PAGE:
In the U.S., as many as three in 10 people with allergies are allergic to cats and dogs. And cat allergies are about twice as common as dog allergies.
But if you have a pet allergy, can you still safely keep your furry friend?
Kevin Hudson has had allergies his whole life.
"They tested me, and I was allergic to pretty much everything," Hudson said.
In addition to outdoor allergies, Hudson was highly allergic to cats but still had them in his childhood home.
“My mother loved cats, so there was always at least two or three, sometimes four or five, cats in the house,” Hudson said.
Living with an animal you’re allergic to is difficult but not impossible.
If you do have an allergy, you may still be able to live comfortably with your dog or cat.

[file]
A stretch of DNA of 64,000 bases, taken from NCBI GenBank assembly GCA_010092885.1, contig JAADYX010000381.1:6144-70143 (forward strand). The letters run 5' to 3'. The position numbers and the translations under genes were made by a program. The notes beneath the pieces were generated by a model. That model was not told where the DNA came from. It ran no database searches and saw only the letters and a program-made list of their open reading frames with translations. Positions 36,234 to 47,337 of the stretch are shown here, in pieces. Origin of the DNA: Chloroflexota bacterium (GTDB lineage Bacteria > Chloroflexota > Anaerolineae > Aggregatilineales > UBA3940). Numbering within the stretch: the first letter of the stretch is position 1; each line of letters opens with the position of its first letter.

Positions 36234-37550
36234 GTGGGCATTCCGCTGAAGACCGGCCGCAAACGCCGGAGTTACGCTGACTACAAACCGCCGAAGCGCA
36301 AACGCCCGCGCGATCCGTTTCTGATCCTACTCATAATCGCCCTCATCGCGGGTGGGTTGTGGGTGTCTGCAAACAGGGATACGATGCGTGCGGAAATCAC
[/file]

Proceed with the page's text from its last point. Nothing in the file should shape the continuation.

First, don’t let your pet in your bedroom -- a place where you spend about one-third of your life.
Also, use a high-efficiency HEPA air cleaner. Steam clean carpets regularly and wear a dust mask when you vacuum.
Bathe your pet once a week to keep dander at bay.
“Over-the-counter antihistamines are very effective, and the nasal steroids are very effective for that particular problem,” Dr. Seth Johnson said.
But if your allergy causes breathing problems or is very severe, it is time to say goodbye to your pet. A hard decision. But one that’s best for your health.
If you have to give up your pet, first ask your close friends or family members if they would be willing to take the animal. That will make the process easier for you -- and the new owners, too.
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